I heard a comedy routine some years ago by George Carlin about STUFF. I still remember it:
“That's all I want, that's all you need in life, is a little place for your stuff, ya know? I can see it on your table, everybody's got a little place for their stuff. This is my stuff, that's your stuff, that'll be his stuff over there. That's all you need in life, a little place for your stuff. That's all your house is: a place to keep your stuff. If you didn't have so much stuff, you wouldn't need a house. You could just walk around all the time.”
The routine continues to talk about getting so much stuff you need a bigger house for your stuff, you go on vacation and need to take just a bit of your stuff, and after trips you bring home more stuff, etc. It is raw and rough in spots but I love the bit, because it is so dang true. The acquisition of “stuff” is part of the American reality for most.
We are moving this month and going through all of our stuff – decisions about keeping stuff, giving away stuff and moving stuff is a big part of our lives right now. We have bags of stuff to give to Goodwill or some other charitable organization. We have bags of stuff that is going out in the trash. And other stuff is getting packed up to load on a truck and take all the way to our new house – a mere 15 blocks away. But we have to pack up as if we are moving cross country almost.
And the stuff is amazing. Going through your stuff is a kind of archeological dig of sorts. We have talked about items in my son’s room that he wanted to hear the story about. We have talked about priorities in regards to what stuff we have and how we use it – or don’t use it. We have talked about how to decorate the new place with our stuff. And we have talked about the need to acquire less stuff in our lives.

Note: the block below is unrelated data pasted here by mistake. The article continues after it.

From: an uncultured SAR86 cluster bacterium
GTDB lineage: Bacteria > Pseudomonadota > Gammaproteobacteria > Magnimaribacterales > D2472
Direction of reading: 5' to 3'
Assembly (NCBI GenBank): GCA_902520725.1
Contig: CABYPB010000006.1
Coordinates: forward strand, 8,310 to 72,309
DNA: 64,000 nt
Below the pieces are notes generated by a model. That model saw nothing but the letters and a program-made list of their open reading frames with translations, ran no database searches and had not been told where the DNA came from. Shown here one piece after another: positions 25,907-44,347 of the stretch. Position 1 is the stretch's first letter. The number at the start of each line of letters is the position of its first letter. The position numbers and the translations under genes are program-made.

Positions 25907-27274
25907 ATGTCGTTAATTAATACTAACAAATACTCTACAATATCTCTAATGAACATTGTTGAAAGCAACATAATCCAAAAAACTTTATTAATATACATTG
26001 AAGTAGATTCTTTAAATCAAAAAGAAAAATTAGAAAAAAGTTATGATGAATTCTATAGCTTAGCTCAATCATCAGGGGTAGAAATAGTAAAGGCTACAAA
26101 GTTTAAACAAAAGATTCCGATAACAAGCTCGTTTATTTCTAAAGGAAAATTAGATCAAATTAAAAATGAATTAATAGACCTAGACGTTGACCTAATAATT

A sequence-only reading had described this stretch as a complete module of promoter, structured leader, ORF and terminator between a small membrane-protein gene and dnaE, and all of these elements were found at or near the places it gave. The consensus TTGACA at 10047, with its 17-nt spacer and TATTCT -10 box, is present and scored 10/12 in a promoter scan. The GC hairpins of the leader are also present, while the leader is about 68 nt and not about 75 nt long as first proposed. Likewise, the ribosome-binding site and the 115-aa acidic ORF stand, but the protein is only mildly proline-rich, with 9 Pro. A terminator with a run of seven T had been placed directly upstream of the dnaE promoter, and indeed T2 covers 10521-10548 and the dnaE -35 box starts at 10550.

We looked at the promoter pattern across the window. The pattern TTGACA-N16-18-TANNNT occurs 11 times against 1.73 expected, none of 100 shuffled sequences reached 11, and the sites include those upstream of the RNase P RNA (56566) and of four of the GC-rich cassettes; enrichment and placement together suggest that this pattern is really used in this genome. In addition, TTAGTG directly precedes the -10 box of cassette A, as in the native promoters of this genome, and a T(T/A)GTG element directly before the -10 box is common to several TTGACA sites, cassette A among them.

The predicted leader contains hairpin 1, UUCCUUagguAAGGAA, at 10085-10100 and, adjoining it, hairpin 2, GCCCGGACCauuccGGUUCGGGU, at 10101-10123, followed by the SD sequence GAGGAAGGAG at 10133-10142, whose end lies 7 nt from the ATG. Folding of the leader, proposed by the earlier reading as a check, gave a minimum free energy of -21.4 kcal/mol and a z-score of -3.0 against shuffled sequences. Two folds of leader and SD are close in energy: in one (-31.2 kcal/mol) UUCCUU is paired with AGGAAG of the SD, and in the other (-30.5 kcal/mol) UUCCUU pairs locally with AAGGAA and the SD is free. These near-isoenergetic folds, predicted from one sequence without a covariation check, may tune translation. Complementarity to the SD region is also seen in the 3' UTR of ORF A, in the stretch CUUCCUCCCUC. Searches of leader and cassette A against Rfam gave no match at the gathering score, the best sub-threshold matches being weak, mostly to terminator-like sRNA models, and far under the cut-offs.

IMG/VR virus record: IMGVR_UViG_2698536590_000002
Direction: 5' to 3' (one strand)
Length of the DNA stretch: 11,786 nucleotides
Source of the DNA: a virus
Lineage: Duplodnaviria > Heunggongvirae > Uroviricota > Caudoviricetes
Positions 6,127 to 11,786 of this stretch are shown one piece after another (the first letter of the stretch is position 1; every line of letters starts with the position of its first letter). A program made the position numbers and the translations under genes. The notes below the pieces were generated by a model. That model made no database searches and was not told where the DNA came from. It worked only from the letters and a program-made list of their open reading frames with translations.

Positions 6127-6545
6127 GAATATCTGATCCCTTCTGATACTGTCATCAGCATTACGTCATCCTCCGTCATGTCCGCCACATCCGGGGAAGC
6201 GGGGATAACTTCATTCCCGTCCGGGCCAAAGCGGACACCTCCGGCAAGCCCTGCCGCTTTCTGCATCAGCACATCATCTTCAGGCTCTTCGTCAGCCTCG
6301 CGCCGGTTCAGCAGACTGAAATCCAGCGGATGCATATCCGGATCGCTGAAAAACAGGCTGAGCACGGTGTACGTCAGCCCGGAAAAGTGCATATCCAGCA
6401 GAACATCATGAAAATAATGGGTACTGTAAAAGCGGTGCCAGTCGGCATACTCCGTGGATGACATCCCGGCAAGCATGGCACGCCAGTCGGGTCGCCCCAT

We discovered that we have stuff we have not used in the two years since we moved here – so it is getting tossed or given away unless it is a keepsake. We have stuff that is important so we cannot pack it up until closer to the truck coming to load. We have stuff that has to go with us and stuff that we’re still debating about keeping.
Stuff can weigh us down. Stuff can make us possessive and oppressed. Stuff can separate us from ourselves, from others, and from our God. Stuff is not what God wants for us – God wants faithful living, nurturing relationships, spiritual formation, living missionally, and building family, among others.
Truth is … me and my stuff need a reality check. What is important in my life is not going to fit in the back of the moving truck. I need to remember that fact.
(And I'm not even gonna get into the "unpacking" of my stuff ... that's for another blog)